Permanent Mare of Tombo, ©Photo : S. Bachir, IRD
In SW Niger, close to Niamey, a detailed hydrological survey has been developed for the last 25 years over 10 000 km2 by the international experiments Hapex Sahel and AMMA. Quality and consistency of these long-term observations allowed assessing the causes and the consequences of global change in the region. The most original and paradoxical scientific result is the continuous rise of the water table, proven to have existed even before, during the severe droughts of the 1970s and 1980s. This rise (about 4 m in 40 years) is explained by a change in land use from natural woody savannah to rain-fed crops that led to an increase in Hortonian runoff collected in numerous temporary endoreic ponds where surface water infiltrates and recharges the aquifer.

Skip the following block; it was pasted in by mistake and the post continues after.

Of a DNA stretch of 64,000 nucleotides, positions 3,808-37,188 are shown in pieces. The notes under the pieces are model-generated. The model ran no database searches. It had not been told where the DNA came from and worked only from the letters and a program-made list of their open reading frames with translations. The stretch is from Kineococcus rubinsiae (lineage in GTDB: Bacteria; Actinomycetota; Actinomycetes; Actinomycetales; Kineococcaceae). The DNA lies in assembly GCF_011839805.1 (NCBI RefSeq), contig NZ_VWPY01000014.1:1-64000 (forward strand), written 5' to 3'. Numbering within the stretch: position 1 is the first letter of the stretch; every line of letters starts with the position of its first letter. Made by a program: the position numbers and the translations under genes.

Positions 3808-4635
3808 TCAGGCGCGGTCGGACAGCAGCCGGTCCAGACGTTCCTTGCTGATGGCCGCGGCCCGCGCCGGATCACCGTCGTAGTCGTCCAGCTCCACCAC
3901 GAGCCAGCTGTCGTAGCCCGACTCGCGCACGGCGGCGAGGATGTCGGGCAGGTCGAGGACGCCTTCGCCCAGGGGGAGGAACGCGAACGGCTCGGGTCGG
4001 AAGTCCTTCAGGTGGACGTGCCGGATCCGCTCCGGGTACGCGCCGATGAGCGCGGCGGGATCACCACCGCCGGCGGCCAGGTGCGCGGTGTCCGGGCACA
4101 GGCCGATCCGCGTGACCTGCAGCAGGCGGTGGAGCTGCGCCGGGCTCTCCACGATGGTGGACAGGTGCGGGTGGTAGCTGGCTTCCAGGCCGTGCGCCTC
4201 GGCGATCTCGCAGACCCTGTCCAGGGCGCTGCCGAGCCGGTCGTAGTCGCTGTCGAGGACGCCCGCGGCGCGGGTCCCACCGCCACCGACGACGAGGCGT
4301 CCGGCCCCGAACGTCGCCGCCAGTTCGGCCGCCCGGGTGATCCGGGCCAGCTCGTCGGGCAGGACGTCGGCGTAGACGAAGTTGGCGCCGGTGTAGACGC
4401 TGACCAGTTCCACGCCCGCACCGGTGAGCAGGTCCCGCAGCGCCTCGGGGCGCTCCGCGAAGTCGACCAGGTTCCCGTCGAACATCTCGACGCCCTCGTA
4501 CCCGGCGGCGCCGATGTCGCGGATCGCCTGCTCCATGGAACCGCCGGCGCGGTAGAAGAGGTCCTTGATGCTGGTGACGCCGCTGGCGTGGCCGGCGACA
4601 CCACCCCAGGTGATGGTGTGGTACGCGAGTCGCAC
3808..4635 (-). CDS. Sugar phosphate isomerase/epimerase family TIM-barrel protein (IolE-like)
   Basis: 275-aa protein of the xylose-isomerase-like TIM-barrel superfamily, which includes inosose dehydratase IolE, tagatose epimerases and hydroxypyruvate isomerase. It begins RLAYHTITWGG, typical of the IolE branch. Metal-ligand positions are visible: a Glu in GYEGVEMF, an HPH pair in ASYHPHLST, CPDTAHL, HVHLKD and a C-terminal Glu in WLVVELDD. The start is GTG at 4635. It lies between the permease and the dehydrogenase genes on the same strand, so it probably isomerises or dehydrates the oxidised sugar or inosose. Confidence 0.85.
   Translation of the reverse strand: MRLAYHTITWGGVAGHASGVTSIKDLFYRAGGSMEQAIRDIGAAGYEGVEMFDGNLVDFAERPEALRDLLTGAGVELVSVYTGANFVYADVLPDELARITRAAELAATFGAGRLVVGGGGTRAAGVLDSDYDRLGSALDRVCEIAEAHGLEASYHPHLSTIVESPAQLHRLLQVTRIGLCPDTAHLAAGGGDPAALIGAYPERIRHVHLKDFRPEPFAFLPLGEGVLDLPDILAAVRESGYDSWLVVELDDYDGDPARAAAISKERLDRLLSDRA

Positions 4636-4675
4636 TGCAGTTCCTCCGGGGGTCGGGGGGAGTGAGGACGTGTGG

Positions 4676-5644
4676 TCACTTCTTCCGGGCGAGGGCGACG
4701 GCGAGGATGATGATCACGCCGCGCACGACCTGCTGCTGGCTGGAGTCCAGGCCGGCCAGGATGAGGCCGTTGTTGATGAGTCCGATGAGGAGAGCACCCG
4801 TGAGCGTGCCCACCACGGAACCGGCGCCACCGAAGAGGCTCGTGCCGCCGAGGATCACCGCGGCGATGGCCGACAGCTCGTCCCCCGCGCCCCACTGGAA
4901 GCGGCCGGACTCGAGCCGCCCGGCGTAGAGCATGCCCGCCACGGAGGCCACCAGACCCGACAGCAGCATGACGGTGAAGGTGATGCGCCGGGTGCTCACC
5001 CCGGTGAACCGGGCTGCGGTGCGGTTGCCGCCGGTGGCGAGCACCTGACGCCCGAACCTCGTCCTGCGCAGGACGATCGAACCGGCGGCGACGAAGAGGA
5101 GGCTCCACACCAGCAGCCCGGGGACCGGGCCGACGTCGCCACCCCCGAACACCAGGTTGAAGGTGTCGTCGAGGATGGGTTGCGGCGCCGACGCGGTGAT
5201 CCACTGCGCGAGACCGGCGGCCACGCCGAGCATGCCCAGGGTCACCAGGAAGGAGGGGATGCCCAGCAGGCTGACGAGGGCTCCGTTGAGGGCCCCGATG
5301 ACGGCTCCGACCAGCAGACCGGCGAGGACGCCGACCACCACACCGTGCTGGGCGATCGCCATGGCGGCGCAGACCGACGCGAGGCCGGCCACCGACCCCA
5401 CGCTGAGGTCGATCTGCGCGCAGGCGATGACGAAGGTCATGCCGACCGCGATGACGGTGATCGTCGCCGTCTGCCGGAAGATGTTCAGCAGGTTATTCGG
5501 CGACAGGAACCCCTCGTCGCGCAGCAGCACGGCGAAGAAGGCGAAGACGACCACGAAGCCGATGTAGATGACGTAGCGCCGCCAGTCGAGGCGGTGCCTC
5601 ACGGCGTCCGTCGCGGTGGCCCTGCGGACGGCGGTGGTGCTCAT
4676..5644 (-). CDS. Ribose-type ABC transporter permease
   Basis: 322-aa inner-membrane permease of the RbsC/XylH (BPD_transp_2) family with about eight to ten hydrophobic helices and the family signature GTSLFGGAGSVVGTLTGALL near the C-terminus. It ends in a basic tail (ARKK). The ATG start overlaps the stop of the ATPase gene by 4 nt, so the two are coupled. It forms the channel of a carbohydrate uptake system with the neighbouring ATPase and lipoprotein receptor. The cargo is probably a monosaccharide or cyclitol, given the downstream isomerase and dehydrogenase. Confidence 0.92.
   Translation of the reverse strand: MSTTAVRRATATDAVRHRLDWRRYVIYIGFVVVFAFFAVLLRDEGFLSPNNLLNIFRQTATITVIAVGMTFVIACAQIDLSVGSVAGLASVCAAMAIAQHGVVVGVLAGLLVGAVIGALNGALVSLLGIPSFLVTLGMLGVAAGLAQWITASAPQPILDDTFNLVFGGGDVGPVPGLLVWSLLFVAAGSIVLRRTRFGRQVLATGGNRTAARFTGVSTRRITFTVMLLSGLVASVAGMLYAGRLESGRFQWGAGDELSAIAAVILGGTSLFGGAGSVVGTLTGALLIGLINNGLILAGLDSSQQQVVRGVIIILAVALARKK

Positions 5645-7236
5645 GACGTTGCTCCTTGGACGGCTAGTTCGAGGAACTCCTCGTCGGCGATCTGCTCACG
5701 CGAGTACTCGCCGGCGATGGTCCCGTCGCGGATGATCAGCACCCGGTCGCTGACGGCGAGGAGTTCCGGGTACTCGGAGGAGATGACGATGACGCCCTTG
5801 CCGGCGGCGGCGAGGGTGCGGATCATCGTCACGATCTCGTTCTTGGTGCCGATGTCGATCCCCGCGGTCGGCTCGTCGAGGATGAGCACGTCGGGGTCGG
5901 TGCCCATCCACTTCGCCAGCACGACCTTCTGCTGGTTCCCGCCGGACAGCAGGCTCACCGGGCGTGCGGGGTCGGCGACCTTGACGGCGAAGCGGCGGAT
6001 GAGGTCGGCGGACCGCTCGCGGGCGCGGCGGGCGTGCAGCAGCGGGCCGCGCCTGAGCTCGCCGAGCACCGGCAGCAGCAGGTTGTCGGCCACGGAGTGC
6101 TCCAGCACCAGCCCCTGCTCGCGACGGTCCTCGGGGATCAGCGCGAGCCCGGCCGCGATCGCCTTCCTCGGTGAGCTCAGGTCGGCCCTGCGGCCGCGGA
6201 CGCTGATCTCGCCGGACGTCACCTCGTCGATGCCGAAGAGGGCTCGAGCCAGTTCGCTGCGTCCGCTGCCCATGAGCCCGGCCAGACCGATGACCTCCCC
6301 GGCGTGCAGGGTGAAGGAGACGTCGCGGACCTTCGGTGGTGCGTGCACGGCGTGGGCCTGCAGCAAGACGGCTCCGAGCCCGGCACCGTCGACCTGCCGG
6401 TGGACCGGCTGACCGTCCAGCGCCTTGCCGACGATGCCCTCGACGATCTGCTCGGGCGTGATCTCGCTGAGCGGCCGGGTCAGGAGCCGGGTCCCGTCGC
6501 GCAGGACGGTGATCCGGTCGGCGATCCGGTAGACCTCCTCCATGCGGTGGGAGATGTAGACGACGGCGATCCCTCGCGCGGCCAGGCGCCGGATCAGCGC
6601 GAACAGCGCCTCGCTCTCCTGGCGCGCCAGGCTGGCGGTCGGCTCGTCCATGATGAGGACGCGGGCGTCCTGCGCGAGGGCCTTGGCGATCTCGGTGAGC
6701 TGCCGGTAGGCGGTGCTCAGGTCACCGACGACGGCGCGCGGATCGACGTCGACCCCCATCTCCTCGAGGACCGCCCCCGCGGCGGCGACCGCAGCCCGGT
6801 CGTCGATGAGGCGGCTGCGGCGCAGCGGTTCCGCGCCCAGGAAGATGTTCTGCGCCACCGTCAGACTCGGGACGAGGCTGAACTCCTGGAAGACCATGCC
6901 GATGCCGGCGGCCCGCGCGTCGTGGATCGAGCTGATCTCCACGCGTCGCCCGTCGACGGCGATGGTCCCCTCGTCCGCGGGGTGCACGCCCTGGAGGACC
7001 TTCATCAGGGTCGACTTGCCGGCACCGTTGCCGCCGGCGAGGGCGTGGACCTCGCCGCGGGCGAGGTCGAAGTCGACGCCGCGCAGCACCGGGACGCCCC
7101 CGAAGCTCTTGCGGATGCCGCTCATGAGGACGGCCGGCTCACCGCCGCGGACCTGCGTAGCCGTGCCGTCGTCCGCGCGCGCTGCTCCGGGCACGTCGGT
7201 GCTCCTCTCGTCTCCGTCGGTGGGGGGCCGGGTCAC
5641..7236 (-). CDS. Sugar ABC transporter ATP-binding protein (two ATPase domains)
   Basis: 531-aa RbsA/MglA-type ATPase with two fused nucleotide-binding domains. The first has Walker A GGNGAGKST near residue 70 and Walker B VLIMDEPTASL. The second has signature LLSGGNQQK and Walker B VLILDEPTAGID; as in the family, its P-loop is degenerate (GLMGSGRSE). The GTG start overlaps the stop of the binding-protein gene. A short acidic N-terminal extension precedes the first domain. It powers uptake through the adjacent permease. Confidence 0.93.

Our study focuses in a subpart of 900 km2, in the SE of the long-term site, where the water table has risen up to outcropping in the lowest valley bottoms, and creating permanent ponds. Their number and size have increased over the past 20 years, as well as the irrigated areas around them during the six-to-seven-month dry season. We supplemented previous measurements with a dense hydrodynamic, geochemical and isotopic (18O, 2H) survey as well as topographic and aerial campaigns (between 2013 and 2016). The new permanent ponds reflect groundwater dynamics while ordinary temporary ponds only reflect surface dynamics. Evaporation strongly affects the permanent ponds and increases significantly its electrical conductivity (EC up to 1000 µS.cm-1) while the natural mineralization of groundwater (i.e. at distances larger than 200 m from a pond) is very low (EC between 20 and 100 µS.cm-1). This increase in salinity due to evaporation is confirmed by the isotopic survey (18O, 2H), showing a progressive enrichment but less than that of temporary ponds water. The use of groundwater for irrigation could avoid soil salinization and also help to mitigate the impacts of rainfall variability on rain-fed crop production.